RBI looks to protect consumers from digital fraud

In its fight against cybercrime India’s central bank is considering setting up a database of fraudulent websites and phone numbers, including relevant locations.

Reserve Bank of India’s (RBI) Executive Director Anil Kumar Sharma said the database would help prevent fraudsters from repeating their crimes because phone numbers will be blacklisted and websites blocked.

“There is no timeline for setting up of the fraud registry. At present, we are talking to different stakeholders including different departments like payments and settlement and supervision of the RBI,” Sharma said.

Companies involved in India’s payment systems will be allowed access to the database for the purposes of real-time fraud monitoring. The fraud data will be also be used to educate consumers about emerging risks.

Sharma also revealed that the time it takes the banking Ombudsman to deal with customer complaints about bank frauds has fallen significantly from 95 days in FY20 to 38 days at present. The integrated banking ombudsman scheme was launched by the RBI in November 2021 to cover organisations regulated by the RBI.

“The fall in turn around time (TAT) is because of the number of process efficiencies, such as centralisation, delegation, integration and simplification, that we have introduced as part of Reserve Bank- Integrated Ombudsman Scheme (RB-IOS),” said Anil Kumar Sharma, RBI Executive Director. The TAT is expected to fall further in future, he added.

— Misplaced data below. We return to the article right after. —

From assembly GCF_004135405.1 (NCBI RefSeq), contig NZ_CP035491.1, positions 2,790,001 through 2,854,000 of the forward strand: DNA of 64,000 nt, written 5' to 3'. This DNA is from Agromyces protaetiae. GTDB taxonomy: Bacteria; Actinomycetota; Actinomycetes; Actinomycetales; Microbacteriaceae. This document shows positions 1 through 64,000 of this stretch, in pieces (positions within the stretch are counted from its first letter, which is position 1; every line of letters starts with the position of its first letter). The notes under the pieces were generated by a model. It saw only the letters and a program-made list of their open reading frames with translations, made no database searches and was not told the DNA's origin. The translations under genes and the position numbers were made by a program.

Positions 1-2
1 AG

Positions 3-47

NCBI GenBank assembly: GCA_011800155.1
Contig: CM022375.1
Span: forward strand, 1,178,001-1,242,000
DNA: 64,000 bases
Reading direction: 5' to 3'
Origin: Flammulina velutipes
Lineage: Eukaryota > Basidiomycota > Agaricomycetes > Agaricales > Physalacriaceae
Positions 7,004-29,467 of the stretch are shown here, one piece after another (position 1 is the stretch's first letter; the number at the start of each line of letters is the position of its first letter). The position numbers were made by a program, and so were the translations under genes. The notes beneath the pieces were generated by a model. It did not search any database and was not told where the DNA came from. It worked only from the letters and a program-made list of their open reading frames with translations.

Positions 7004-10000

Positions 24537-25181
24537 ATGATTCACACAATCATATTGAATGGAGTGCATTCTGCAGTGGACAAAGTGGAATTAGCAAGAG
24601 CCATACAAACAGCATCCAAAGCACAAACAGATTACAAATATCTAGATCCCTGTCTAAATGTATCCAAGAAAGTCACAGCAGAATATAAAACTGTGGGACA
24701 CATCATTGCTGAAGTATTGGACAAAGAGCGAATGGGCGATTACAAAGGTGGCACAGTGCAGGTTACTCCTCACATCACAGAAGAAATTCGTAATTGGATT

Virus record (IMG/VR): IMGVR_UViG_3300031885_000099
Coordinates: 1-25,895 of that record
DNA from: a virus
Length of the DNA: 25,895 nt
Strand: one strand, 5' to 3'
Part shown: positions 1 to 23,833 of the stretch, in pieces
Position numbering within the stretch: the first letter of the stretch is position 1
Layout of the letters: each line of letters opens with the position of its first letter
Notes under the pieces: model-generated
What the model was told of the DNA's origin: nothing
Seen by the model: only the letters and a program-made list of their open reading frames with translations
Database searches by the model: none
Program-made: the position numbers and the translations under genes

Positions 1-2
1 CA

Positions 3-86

The number of complaints received by the banking ombudsman scheme has seen growth of 15.7% in 2020-21 and 9.39% in 2021-22. However, the rate of dealing satisfactorily with complaints filed with the ombudsman has grown from 92.52% in FY20 to 97.57% in FY22.

 

Economy grows at fastest rate for a year

India’s economy grew at the fastest rate in 12 months in the last quarter as consumption levels grew, although the rate of growth is now slowing as policymakers prioritize inflation over growth, Bloomberg has reported.

Gross domestic product rose 13.5% in the April-June period from a year ago, according to data released by the Statistics Ministry. That’s the quickest pace since the 20.1% growth in the same quarter last year and compares with the median forecast of a 15.3% increase in a Bloomberg survey of economists.

India’s GDP growth was based on robust domestic demand, particularly in the services sector. Investment during the April-June period grew by 20.1% from a year ago while private consumption was up 25.9%, the figures show. Government spending rose 1.3%.

Growth in gross value added – which removes tax and subsidy transfer payments – rose 12.7% from a year ago.

“Substantial statistical base effect apart, the strong growth print is also a reflection of pent-up demand following the exit from the Omicron wave,” said Kunal Kundu, an economist with Societe Generale GSC Pvt. But there are signs of waning intensity of “tailwind generated by economic reopening,” he said.

But India’s growth “may be short-lived as the impact of a broader reopening wanes and the nation grapples with higher borrowing costs, elevated inflation and unemployment, and fears of a global recession”, according to Bloomberg.

“The GDP print was a mixed bag, largely a story of service sector rebound,” said Madhavi Arora, an economist at Emkay Global Financial Services Ltd. “Global drags in the form of still-elevated prices, shrinking corporate profitability, demand-curbing monetary policies and diminishing global growth prospects weigh on growth outlook.”

The Reserve Bank of India has lifted interest rates by 140 basis points in three rates rises since May as it attempts to bring inflation under its 6% target ceiling.

The latest figures show that India’s GDP is now above pre-pandemic levels, Finance Secretary T.V. Somanathan said. India is on course to achieve 7% growth in the current fiscal year, he added.